Thursday, September 23

Golf courses and brick, the Andalusian Government’s bets to accelerate the recovery after COVID

August 3, 2021. “The Board considers that this investment will contribute to the creation of employment and the use of natural and economic resources.” This is how the Andalusian Government explained its decision to promote the ‘Castellar Golf’ project, located in the municipality of Castellar de la Frontera (Cádiz). In the last meeting of the Governing Council after the summer break, on August 31, the Board gave exactly the same reasons to speed up the ‘Atlanterra Golf’, this time in the municipality of Tarifa. These projects are preceded by the Següesal golf course in Barbate, again in Cádiz.

The Board promotes a tourist and sports complex in the Cadiz municipality of Barbate that is equivalent to 700 soccer fields

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“The creation of stable and quality employment in all production sectors and the use and enhancement of natural and economic resources, under the principle of sustainability and the promotion of public and private investment” are the arguments of the Executive in his recovery plan after the COVID-19 pandemic.

“The Junta sees no future for Andalusia than golf courses surrounded by luxury developments”, he denounces Ecologists in Action of Cádiz. For the ecologist Juan Clavero, these plans “suffer from serious legal irregularities” and he hopes to cancel them. With respect to the last announced project, that of Tarifa, Clavero has a “moderate confidence” in winning the legal battle since the Strategic Environmental Assessment (SEA) has not been presented as required by community and state regulations. The association has already “knocked down” the modifications of the General Urban Planning Plans (PGOU) of the Cadiz municipalities of Chiclana de la Frontera, Valdevaqueros and Prado del Rey.

These initiatives are joined by the Valle del Golf Resort complex in Mijas (Malaga) and three “high quality” hotels in Marbella. All are included in the Accelerating Unit for Projects of Strategic Interest in Andalusia (UAP), a body that makes “the effective start-up and execution of the project”, as stated in his web page, through the “streamlining of all the actions and procedures of the Andalusian public administrations”.

“The Andalusian Government assumes as one of its priorities to adopt all the necessary measures to boost economic activity,” they explain from the Junta de Andalucía.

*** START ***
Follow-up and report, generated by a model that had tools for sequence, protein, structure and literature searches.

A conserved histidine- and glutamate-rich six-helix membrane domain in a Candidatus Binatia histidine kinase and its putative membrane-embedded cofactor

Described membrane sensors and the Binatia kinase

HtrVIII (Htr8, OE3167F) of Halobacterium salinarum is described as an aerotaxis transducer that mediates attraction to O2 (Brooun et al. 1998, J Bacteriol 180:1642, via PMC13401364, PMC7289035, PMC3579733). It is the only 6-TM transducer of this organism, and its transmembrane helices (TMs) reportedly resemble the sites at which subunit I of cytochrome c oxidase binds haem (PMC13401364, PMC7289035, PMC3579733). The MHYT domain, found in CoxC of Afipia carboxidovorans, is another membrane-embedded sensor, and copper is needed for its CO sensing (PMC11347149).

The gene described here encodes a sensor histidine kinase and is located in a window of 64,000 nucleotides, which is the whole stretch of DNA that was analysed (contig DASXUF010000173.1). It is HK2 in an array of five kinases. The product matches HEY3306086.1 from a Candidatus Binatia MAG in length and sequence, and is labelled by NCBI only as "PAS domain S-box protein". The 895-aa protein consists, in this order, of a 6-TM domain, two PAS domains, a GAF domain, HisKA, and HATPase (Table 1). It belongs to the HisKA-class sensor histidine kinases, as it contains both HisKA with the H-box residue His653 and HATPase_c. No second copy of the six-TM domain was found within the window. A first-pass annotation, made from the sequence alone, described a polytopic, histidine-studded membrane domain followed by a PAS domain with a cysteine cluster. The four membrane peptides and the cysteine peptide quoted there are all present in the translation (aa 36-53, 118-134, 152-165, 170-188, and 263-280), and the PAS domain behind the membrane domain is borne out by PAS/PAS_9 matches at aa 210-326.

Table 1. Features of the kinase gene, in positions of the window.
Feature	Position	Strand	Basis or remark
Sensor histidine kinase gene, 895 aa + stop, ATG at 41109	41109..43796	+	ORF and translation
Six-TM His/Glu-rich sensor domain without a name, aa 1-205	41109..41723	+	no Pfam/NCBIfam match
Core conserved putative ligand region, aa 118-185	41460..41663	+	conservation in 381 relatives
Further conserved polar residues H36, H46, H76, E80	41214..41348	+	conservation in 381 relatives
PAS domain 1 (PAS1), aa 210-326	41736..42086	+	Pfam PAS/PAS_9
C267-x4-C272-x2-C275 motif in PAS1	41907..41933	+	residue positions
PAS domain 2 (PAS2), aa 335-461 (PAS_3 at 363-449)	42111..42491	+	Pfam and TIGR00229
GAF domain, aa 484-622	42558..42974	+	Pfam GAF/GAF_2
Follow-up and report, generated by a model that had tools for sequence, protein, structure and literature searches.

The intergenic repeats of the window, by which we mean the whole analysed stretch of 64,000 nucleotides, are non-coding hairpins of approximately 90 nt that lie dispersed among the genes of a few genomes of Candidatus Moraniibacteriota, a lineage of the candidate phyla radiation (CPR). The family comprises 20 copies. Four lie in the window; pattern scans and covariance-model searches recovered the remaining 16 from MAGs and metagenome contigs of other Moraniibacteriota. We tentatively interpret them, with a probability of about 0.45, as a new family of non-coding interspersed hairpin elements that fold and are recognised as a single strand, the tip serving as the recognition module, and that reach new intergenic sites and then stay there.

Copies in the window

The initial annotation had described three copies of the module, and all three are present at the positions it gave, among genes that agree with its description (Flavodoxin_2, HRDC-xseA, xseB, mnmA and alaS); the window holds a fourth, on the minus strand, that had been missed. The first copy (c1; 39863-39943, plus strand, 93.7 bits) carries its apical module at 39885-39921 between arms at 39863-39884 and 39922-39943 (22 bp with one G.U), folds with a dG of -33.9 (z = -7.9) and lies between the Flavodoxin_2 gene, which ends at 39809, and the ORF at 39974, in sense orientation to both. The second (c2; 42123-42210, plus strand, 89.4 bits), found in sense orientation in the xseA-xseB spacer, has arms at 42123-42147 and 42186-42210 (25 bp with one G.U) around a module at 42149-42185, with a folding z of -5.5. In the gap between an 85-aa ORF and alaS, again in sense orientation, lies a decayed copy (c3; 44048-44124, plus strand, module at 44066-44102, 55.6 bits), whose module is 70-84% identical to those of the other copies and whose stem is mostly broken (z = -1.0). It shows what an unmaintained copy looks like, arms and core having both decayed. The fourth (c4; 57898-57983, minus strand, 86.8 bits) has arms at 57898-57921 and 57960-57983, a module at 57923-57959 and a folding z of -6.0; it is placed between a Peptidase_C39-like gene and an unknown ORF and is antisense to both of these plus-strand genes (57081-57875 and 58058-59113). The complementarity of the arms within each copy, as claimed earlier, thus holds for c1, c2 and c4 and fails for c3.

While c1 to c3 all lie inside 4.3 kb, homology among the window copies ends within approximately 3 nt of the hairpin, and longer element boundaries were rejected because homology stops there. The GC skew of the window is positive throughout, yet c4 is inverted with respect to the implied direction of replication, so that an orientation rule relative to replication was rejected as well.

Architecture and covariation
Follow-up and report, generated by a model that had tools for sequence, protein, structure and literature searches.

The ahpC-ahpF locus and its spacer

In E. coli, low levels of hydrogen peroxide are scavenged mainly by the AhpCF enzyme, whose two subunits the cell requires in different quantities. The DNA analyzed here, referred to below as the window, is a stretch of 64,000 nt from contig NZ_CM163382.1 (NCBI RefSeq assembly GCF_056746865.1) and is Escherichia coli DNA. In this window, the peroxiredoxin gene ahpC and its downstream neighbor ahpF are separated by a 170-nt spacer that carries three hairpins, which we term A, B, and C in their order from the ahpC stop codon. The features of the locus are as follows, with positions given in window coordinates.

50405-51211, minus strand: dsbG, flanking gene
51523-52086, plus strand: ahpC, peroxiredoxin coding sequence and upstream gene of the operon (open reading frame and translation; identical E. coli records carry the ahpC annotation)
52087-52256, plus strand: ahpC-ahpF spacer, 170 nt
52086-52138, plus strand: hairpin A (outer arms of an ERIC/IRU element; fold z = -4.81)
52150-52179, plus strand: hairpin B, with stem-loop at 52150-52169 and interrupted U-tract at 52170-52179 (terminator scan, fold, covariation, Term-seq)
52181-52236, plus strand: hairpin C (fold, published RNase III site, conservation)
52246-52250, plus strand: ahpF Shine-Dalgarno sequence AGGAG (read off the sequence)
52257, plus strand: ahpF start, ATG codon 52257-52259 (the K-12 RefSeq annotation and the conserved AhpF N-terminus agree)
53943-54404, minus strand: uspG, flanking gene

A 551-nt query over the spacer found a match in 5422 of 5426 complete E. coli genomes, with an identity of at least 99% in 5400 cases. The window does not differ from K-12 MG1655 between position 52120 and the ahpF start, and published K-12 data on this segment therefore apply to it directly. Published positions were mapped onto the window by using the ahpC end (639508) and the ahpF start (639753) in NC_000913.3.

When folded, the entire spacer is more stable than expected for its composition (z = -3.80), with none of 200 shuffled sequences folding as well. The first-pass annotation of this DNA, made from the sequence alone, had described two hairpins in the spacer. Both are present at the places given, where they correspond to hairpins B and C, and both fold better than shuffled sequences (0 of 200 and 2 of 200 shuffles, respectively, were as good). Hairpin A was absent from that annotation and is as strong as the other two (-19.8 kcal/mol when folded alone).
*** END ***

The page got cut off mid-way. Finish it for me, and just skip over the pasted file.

“Strategic interest”

Companies can access the Project Accelerator Unit if their proposals are declared of “strategic interest” by the Delegate Commission for Economic Affairs of the Junta de Andalucía. This grants “urgent and preferential processing” as well as a “reduction of administrative deadlines”, when possible, as noted on the UAP website.

In this way, the expansion of the Gibraltar-San Roque refinery, the consolidation and expansion of the Cosentino Business Park in Almería, the construction of a heparin plant at Laboratorios Rovi in ​​Granada and the construction of 12 photovoltaic solar plants are already being managed. by Solarbay in Seville.

Furthermore, the Governing Council may consider these initiatives of interest because of “their special relevance derived from their magnitude, their economic and social projection or their importance for the territorial structuring of Andalusia”.

The latest projects assigned by the Andalusian Government to the UAP, which depends on the General Secretariat for Public Administration and directed by Ana María Vielba, have the tourism and construction sectors as recipients: three “high quality” hotels in Marbella, the ‘Valle del Golf Resort’, the ‘Següesal Golf Resort’, the ‘Castellar Golf’ and the ‘Atlanterra Golf.’ Previously, other initiatives had also been approved, such as the construction of the cities of Justice in Seville and Jaén and of a new hospital in Malaga.

“Tourism has the ability to reactivate the economy”, has expressed the vice president of the Board and Minister of Tourism, Juan Marín, who argues the action of the Andalusian Government. And he defends himself: “We have not given any license. These projects already have it from the City Councils. What we have done is to make life easier for those who invest in Andalusia.” Faced with criticism, Marín insists on “bureaucratic simplification” and that “nothing will be developed that does not comply with the law.”

Employment creation